When I was asked to join the “Books We Read” team, I thought nothing of writing about the book I was reading at the time (sounds like the objective, right?). I had just started Amia Srinivasan’s “The Right to Sex: Feminism in the Twenty-First Century,” recommended by the New York Times Book Review the week prior. It’s not the first piece of contemporary feminist philosophy I have encountered. I recently read “Down Girl: The Logic of Misogyny,” by Kate Manne. I knew that these types of works tend to be dense essays with rigorous exploration of systemic issues in society affecting women. I read these for the thought-provoking concepts that play out in everyday life. As a musicology PhD student and fledgling feminist, these are the books I read for “fun”. As I worked my way through Srinivasan’s book, I encountered subjects, realities and descriptions that were hard to read. My mouth gaped open (under my mask) at times as I read on the train. “How am I going to describe this one?” The answer is: honestly.
The issues that Srinivasan presents are not fun, but they are important. Many examples given in Srinivasan’s book are also covered by Manne (notably the Isla Vista killings, the Brock Turner rape case and the Daniel Holtzclaw rape case). At times, her work comments on the prevailing thoughts already published regarding these events. Her point of view is fresh, unrelenting and direct. It is clear that she will not hold back from saying something in the most explicit terms if it will make the most sense (as in which type of bodies are more “f*&%able”). In this case, when discussing the politics of desire, prostitution, pornography, power dynamics, and carceralism, there is no beating around the bush with purely academic terms.
Srinivasan’s commentary brings up new ways to consider standard dynamics, such as preferences on online dating apps in the vein of the systemic oppression of desire. She also goes deep in contemplating the side effects of consent legislation, anti-pornography legislation and anti-prostitution legislation. In all of these areas, it becomes clear that legal actions come up short.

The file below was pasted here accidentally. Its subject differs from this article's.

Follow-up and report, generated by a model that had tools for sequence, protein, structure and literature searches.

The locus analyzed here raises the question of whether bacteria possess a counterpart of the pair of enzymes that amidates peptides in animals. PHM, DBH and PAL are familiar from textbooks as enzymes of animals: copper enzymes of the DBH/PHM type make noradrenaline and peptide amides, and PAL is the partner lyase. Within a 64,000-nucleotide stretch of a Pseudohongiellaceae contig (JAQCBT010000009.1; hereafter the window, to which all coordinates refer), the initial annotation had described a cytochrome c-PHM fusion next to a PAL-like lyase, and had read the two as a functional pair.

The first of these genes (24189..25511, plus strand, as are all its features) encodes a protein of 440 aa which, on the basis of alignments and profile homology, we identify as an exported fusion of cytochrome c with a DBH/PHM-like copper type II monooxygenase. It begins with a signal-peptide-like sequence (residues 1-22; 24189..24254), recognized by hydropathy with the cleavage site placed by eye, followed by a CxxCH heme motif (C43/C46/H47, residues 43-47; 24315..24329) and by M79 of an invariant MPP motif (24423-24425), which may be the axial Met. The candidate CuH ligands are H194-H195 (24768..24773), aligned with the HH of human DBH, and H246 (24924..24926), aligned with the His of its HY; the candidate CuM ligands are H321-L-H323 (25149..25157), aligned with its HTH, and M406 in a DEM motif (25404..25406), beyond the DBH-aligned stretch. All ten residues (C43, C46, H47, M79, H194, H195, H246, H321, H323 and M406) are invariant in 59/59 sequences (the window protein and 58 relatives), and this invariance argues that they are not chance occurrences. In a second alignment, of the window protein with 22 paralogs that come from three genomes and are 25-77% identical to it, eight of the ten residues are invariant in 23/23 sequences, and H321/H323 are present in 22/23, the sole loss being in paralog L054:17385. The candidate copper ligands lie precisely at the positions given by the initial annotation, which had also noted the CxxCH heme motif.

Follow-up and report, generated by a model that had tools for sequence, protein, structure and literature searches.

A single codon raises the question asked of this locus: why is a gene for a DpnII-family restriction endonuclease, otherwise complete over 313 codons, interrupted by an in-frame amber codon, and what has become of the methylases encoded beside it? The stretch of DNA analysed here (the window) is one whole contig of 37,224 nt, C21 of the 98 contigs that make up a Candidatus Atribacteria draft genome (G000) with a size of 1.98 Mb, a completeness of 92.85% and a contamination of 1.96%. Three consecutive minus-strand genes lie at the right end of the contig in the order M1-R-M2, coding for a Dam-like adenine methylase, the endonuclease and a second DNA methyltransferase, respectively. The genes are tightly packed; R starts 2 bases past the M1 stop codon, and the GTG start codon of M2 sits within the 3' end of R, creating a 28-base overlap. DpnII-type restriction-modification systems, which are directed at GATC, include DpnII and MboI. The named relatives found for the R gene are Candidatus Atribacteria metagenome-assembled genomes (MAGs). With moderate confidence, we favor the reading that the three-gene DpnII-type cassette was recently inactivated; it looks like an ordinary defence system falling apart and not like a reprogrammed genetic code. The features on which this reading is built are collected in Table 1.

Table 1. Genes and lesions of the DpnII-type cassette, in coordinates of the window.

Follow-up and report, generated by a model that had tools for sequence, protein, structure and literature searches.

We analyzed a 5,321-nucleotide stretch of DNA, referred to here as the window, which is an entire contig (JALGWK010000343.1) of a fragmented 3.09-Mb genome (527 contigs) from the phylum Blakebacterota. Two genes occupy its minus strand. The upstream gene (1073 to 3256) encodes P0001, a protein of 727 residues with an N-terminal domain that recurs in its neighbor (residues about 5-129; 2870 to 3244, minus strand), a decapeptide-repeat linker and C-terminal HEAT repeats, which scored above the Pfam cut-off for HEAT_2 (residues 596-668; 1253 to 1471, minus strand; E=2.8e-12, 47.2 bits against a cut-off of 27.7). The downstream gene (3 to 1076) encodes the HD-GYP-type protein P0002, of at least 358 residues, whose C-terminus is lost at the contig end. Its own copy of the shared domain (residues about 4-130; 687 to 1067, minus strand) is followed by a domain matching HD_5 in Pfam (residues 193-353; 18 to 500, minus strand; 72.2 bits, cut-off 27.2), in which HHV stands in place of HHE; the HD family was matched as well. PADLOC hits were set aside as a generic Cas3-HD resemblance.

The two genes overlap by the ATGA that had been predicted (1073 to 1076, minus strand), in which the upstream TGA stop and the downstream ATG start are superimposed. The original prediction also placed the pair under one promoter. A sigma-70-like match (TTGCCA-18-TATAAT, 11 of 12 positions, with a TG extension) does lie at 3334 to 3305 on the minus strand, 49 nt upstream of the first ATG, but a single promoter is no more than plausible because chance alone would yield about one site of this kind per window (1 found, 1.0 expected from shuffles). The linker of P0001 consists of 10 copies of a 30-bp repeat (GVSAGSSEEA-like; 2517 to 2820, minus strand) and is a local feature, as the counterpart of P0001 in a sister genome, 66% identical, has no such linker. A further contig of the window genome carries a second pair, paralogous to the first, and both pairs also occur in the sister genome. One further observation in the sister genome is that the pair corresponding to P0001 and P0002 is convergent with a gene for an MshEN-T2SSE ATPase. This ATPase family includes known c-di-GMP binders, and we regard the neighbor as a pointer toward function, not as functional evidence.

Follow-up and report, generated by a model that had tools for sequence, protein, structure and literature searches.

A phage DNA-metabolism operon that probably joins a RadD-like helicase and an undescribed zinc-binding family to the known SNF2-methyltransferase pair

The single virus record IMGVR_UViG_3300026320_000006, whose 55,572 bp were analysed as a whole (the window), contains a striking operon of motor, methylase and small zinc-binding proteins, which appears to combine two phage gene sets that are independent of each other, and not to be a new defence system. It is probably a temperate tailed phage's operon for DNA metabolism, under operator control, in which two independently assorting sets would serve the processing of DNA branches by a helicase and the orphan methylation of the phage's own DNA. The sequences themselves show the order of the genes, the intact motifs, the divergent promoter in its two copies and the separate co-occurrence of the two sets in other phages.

I highly recommend these books, complete with their challenging topics and the even-more-challenging conundrums we face in the world as we know it. I realize that I am privileged to close the book after reading the chapters that make me uncomfortable and can move on to other concepts, other books, other things. For many, the extremes are their everyday reality. Srinivasan concludes that we must learn from and follow these people. It may not always be fun to do the work to uncover internalized misogyny and inequality in society. However, it is worthwhile if only to contribute to the remedy in a small capacity.
By Natalie Borisovets (Newark)
Related books in the Mabel Smith Douglass Library Collection
- Crowley, H., & Himmelweit, S. (1992). Knowing women : feminism and knowledge. Polity Press in association with the Open University.
- Edwards, J., & Cornwall, A. (2014). Feminisms, empowerment and development: changing women’s lives. NBN International.
- Edwards, K. W. (2019). Now is the acceptable time : a modest memoir of a memorable life. The Author.
- Freedman, J. (2001). Feminism. Open University.
- Malhotra, S., & Carrillo Rowe, A. (2013). Silence, feminism, power : reflections at the edges of sound. Palgrave Macmillan.
- Serano, J. (2013). Excluded : making feminist and queer movements more inclusive. Seal Press.